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Donkin on Work - Psychometrics

September 1998 - Types of intelligence

Two students are walking in Yellowstone Park when they come across a grizzly bear. The first, an Ivy league graduate from the top drawer of academic achievement, calculates that the bear can reach them in 17 seconds.

"We can't outpace him," he tells his companion, who is pulling on his running shoes. The other boy, who struggled to a get a degree in one of the minor colleges, says to his friend: "I don't need to outpace the grizzly, I just need to outpace you."

A version of the story is used by Robert Sternberg, professor of psychology and education at Yale University, to illustrate his ideas on intelligence.

"Both boys were smart," he says. But while the Yale student was intelligent in the conventional analytical way used to define excellence in universities, the second was intelligent "to the extent that you define intelligence as the ability to adapt to the environment".

Speaking to the Oxford Forum for Assessment and Development meeting in London, Prof Sternberg outlined three definitions of intelligence - analytical, practical and creative. The first type, he says, seems to be understood and emphasised by academic institutions. But the second two, he fears, have been neglected and ignored. "You need more than IQ skills to get through life," he says.

"In US society if you're good at IQ-like skills - the type of things that get you As in school - you are extremely highly rewarded by the system. These systems promoted you from an early age so there is no incentive to acquire creative or practical skills."

People, he argues, need an understanding of all three abilities. "Many people have good ideas that never go anywhere because they lack the practical persuasive skills to convince anyone of their worth," he says.

He describes three students he has encountered over the years. One is Barbara, who had good grades but fared poorly in the ability tests used by universities. Teachers' letters told the university selectors that she was remarkably creative but she was rejected and, as Prof Sternberg pointed out, "if you didn't get into one university, you didn't get into any". He recruited her as a research assistant. She produced extremely creative work and, after two years, was accepted on to the programme. "But what happens to other Barbaras who don't get hired?" he asks.

Another student, Celia, achieved reasonable test scores. Her work was good but not outstanding. However, she did possess very good practical skills that can prove important to those working at all levels.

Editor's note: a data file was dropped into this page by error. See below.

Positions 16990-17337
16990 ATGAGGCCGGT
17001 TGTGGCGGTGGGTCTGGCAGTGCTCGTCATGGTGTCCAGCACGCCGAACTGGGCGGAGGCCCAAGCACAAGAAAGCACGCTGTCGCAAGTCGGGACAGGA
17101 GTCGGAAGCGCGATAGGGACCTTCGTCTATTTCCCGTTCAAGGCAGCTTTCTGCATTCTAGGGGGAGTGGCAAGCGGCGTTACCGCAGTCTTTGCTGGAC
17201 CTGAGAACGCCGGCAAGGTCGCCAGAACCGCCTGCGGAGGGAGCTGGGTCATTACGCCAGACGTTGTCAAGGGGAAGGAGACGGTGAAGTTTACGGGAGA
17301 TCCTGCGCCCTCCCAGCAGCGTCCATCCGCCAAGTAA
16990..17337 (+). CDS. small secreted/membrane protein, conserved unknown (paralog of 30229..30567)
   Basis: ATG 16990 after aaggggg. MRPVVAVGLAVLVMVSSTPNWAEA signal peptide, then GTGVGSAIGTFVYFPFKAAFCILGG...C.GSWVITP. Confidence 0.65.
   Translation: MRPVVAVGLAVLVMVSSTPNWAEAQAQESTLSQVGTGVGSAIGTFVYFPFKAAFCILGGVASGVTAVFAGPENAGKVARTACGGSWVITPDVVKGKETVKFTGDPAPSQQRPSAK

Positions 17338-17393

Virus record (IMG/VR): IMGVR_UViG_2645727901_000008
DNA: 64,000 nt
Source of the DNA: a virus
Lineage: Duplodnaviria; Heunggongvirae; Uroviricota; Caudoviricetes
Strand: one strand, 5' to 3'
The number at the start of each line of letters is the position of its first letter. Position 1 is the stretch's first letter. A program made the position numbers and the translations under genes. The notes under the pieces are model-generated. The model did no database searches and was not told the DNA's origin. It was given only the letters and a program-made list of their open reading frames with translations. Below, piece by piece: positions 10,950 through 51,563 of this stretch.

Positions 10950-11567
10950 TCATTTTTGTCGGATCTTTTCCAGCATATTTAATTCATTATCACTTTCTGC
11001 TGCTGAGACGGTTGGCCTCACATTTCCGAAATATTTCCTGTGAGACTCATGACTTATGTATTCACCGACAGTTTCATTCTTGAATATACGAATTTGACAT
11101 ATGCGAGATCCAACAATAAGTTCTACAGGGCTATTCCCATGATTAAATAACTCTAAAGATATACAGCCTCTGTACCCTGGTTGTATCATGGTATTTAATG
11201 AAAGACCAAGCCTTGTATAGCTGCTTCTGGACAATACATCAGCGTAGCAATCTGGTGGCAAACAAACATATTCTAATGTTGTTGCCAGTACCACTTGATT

It would have helped another student, Paul, who was outstanding academically but also arrogant; a feature he was unable to hide, says Prof Sternberg. Although he had lined up eight job interviews when he graduated, he was offered only one, and this was the poorest of all the opportunities.

So why does society reward some attributes and not others? Prof Sternberg has identified the existence of what he calls "closed systems" - self-selecting societies that shut out certain features.

The reason, he says, is that "it doesn't matter what system you have, it looks good once it's in place". Thus some societies may select on the basis of religion. If you belong to a certain sect you will succeed. You can then look around you at all the others in the same sect and conclude that their achievement is down to their religion, having, in effect, created a self-fulfilling prophecy.

It can apply to people's height, a noticeable feature of high achievers in the US. Chief executives, for example are, on average three inches taller than the people they supervise. Army generals are on average four inches taller than their troops.

The practice of exclusion has created too great a focus on one type of intelligence, says Prog Sternberg. Society should really be concerned with "successful intelligence", which combines the analytical, the practical and the creative, enabling people to achieve success in life "given one's personal standards within your socio-cultural context".

This means, he says, it is important that people recognise and capitalise on their strengths, while correcting or compensating for their weaknesses.

Prof Sternberg's ideas must draw some recognition from employers who have complained for years about the quality and sometimes naivety of graduate trainees. This does not mean the graduates lack potential. They may never have been exposed to practical decision-making or creative thinking by their teachers or their families.

On the other side of the coin it also suggests that some young people who may be "street wise" and brimming with ideas never get beyond the job application stage. Part of the blame for this inability to select people with learning potential, says Steve Blinkhorn, an occupational psychologist, must be shouldered by the psychometric test producers who have become too focused on their own products.

"We should bring in a rule that people who run test training courses cannot use material they publish and then see how interested they are," he told the seminar.

Mr Blinkhorn, a leading critic of conventional psychometric tests and a proponent of a new type of testing that involves a "structured learning" component, says that test psychologists will be a "sad little group" if they fail to recognise that aptitude testing can be improved.

© 1998 Financial Times Ltd. All rights reserved

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